The NEC does not distinguish between AC motors, DC motors and AC motors with VFDs with regard to the location of disconnecting means. A VFD is the controller for the motor it drives. A lockable disconnect at a DC motor controller or a VFD satisfies the requirements for disconnecting means for both the motor and controller. Another disconnect within sight of the motor is not required by the NEC, but may be a good idea in some cases.
Noel Williams

200A transfer switch

I am looking for some preliminary info on the installation of a Cutler-Hammer 200A transfer switch. I don't know the specific model number, but it is a non-fused, knife-blade-type mechanical device that has three positions: on-off-on. The three positions stipulate a neutral or non-current carrying position. My question is this: Is this switch, which will interrupt the normal current flow from the power company's load side of the meter, take the place of the load center panel existing as the main/principal? Will I treat the existing load center as a subpanel after installation? The transfer switch has a definite bonding terminal along with the neutral terminal feed thru connection. I would appreciate your input but will also ask the local Code authority.

Because your transfer switch is manually operated, I will assume that you are supplying an optional standby system as covered by Article 702. Emergency system and legally required standby systems are covered by Articles 700 and 701 respectively, and both require automatic transfer switches.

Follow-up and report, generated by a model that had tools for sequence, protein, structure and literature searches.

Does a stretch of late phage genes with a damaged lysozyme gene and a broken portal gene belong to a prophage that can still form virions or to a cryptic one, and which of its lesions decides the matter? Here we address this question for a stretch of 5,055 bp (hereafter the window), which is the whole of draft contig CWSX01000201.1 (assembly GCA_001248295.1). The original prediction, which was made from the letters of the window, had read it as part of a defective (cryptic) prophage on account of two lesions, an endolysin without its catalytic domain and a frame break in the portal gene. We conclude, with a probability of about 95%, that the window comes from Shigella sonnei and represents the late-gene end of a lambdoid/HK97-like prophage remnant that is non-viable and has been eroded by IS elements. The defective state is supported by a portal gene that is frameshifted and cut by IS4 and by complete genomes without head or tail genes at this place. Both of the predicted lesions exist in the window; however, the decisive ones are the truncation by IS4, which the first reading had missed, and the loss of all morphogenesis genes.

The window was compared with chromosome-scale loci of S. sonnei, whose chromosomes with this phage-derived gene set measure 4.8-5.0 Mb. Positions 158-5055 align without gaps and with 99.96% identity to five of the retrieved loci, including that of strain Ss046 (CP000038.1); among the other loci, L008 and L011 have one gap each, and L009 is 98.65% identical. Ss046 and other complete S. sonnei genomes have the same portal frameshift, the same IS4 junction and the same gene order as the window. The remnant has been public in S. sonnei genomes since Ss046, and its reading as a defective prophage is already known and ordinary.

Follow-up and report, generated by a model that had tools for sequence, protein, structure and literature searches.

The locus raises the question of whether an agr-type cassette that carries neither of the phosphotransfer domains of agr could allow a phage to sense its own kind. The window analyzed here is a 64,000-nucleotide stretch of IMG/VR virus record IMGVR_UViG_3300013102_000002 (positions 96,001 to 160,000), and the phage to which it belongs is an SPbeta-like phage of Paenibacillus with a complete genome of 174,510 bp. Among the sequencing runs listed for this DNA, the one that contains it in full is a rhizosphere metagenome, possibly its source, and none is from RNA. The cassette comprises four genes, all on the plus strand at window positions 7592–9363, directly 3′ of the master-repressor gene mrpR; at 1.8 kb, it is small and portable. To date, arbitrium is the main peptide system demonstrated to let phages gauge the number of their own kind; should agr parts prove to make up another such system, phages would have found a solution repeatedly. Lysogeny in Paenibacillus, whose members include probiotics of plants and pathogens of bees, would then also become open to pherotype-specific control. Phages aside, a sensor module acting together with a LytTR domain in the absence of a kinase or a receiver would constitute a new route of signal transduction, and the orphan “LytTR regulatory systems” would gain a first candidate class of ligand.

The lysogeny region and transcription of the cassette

Section 230-82 lists a very limited number of things that are permitted to be connected ahead of the service disconnect. If the transfer switch is marked as suitable for use as service equipment as required by Section 230-66, then it could take the place of your current main disconnect. (The NEC says “marked,” but many inspectors take this to mean “listed,” and at any rate it must be “approved.”) However, the service overcurrent device is required by Section 230-91 to be integral to or immediately adjacent to the service disconnect. Since your transfer switch is non-fused, the main overcurrent device, whether it is a new device or the existing main service overcurrent device, would have to be located immediately adjacent to the transfer switch.

Although Section 230-82 (4) does allow taps for standby systems to be located ahead of the service disconnect, it still requires proper protection of the service conductors. A proposal to allow the connection of transfer switches ahead of the service disconnect was made but not accepted for the 2002 NEC. The main concern was that such transfer switches might not be properly rated for the use and the fault current.

In short, the transfer switch can be located between the meter and the main service overcurrent device only if the switch is rated as service equipment, has adequate short circuit ratings and is located immediately next to the service overcurrent device. Unless there's an overcurrent device ahead of the main breaker in your panel, the panel must remain as the service overcurrent device. If the main panel is remote from the meter and transfer switch location, another overcurrent device would have to be added adjacent to the transfer switch to serve as the service overcurrent device. Some inspectors may allow the transfer switch to be treated as the “tap” device allowed by 230-82(4), but the service conductors still require overcurrent protection, and this interpretation is not the accepted practice in all jurisdictions. My own interpretation and practice has been to install the main service disconnect and overcurrent device ahead of the transfer switch.
Noel Williams